Research group has grown so much since the 3 semesters I have been a part of it. Everyone is working on their own project that encompasses some branch of Contextual Engineering. Currently, I am writing the outline to my literature review that I hope to publish by the end of second semester. I cannot express how much this has changed the trajectory of my life. I have been able to travel to Honduras, Guatemala, and Sierra Leone within the past two years with Dr. Witmer to experience and hear these stories firsthand. I have made countless friends internationally and within research group. I came to college knowing I wanted to help people, and I figured out how I was going to do it.

The roads to get to the rural communities and within big cities in Sierra Leone
After a long day of interviews, I finally was able to eat some dinner back at the hotel. Bo, Sierra Leone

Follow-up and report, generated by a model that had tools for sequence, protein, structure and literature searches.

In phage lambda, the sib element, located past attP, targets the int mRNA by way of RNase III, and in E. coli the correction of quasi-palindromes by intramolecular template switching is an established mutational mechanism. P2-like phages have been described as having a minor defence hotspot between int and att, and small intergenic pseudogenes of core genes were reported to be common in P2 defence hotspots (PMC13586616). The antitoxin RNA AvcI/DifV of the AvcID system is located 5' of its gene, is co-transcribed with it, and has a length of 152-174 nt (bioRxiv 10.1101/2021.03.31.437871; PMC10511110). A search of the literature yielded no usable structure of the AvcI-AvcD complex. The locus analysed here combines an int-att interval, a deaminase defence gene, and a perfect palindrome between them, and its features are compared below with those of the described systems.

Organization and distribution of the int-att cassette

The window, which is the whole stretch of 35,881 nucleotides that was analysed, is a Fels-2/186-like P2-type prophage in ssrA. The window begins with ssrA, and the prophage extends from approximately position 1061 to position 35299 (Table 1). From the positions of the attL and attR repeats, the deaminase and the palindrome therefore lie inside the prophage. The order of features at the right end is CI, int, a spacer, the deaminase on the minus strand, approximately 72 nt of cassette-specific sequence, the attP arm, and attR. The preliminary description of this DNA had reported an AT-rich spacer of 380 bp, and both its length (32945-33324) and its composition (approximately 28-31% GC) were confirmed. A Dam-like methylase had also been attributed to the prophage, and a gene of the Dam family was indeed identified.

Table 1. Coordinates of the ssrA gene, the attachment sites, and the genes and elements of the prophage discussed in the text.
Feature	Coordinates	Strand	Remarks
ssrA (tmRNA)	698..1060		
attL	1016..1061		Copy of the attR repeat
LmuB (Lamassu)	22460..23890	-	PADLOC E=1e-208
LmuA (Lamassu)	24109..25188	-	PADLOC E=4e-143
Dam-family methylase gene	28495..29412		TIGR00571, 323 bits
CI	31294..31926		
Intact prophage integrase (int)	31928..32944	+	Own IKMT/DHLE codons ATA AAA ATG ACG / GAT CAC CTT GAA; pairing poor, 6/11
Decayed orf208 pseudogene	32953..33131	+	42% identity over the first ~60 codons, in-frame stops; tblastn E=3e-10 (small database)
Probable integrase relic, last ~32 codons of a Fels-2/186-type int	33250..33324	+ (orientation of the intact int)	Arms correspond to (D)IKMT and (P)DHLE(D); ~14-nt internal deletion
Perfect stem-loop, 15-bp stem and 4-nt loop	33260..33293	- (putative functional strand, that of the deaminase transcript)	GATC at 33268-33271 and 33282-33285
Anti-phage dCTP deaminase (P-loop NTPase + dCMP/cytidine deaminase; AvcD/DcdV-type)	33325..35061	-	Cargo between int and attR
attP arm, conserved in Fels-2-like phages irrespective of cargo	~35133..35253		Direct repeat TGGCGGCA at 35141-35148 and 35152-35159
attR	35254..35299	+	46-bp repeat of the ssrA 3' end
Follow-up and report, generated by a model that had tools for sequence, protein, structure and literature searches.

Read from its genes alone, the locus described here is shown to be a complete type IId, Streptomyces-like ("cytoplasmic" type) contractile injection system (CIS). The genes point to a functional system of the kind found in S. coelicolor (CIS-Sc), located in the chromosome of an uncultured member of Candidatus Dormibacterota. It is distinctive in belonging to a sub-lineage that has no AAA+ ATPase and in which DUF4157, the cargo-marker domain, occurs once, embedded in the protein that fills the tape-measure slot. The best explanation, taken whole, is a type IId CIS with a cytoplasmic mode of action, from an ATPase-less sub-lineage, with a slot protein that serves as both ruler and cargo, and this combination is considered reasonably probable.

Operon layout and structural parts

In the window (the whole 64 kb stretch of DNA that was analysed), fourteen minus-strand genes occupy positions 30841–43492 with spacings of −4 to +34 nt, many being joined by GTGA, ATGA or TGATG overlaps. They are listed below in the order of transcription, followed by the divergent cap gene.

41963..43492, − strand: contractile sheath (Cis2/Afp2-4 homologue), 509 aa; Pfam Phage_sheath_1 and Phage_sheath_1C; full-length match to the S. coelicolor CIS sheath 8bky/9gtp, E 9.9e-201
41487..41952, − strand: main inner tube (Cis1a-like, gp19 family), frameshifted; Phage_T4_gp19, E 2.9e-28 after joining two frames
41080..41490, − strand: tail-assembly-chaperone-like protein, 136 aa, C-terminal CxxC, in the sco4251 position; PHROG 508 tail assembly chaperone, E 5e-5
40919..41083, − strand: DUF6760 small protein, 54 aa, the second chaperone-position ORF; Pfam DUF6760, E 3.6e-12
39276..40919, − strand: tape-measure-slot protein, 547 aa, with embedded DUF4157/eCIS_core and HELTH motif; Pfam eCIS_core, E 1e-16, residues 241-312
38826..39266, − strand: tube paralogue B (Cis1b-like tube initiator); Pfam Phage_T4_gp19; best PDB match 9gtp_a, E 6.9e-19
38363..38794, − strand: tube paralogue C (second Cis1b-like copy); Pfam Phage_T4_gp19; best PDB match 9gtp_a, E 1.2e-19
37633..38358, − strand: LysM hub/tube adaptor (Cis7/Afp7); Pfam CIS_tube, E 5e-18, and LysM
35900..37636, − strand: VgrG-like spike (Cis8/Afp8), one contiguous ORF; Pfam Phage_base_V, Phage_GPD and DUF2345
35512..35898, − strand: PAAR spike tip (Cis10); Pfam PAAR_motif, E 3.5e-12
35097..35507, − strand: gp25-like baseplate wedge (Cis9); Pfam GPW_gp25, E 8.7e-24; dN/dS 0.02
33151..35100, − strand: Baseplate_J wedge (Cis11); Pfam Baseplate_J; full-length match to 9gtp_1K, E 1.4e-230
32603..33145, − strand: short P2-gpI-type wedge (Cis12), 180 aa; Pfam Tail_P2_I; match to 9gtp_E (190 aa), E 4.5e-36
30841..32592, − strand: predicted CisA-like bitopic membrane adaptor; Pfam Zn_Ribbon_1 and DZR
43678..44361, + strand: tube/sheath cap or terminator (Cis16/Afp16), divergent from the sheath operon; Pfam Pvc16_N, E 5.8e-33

Make it your own

I cannot encourage you all to try some sort of research at least once at your time here at Illinois, or wherever life takes you. You may find a passion for it that you didn’t know existed before. Or you may realize that it’s not for you. Whatever you learn, you want to give yourself the experience. Don’t let the myths you have heard around campus or other students discourage you from just checking it out.

That is all for this one, friends. Feel free to comment and let me know if you have any further questions about research or my work. I hope to hear from some of you soon.

Happy fall,

JN

Julissa

Julissa

Class of 2020
I am majoring in Integrative Biology within the College of Liberal Arts and Sciences. I am from Lemont, a small southwest suburb of Chicago. If you want to read about the daily life of a student on campus and get some tips and tricks in the trade, my post are for you!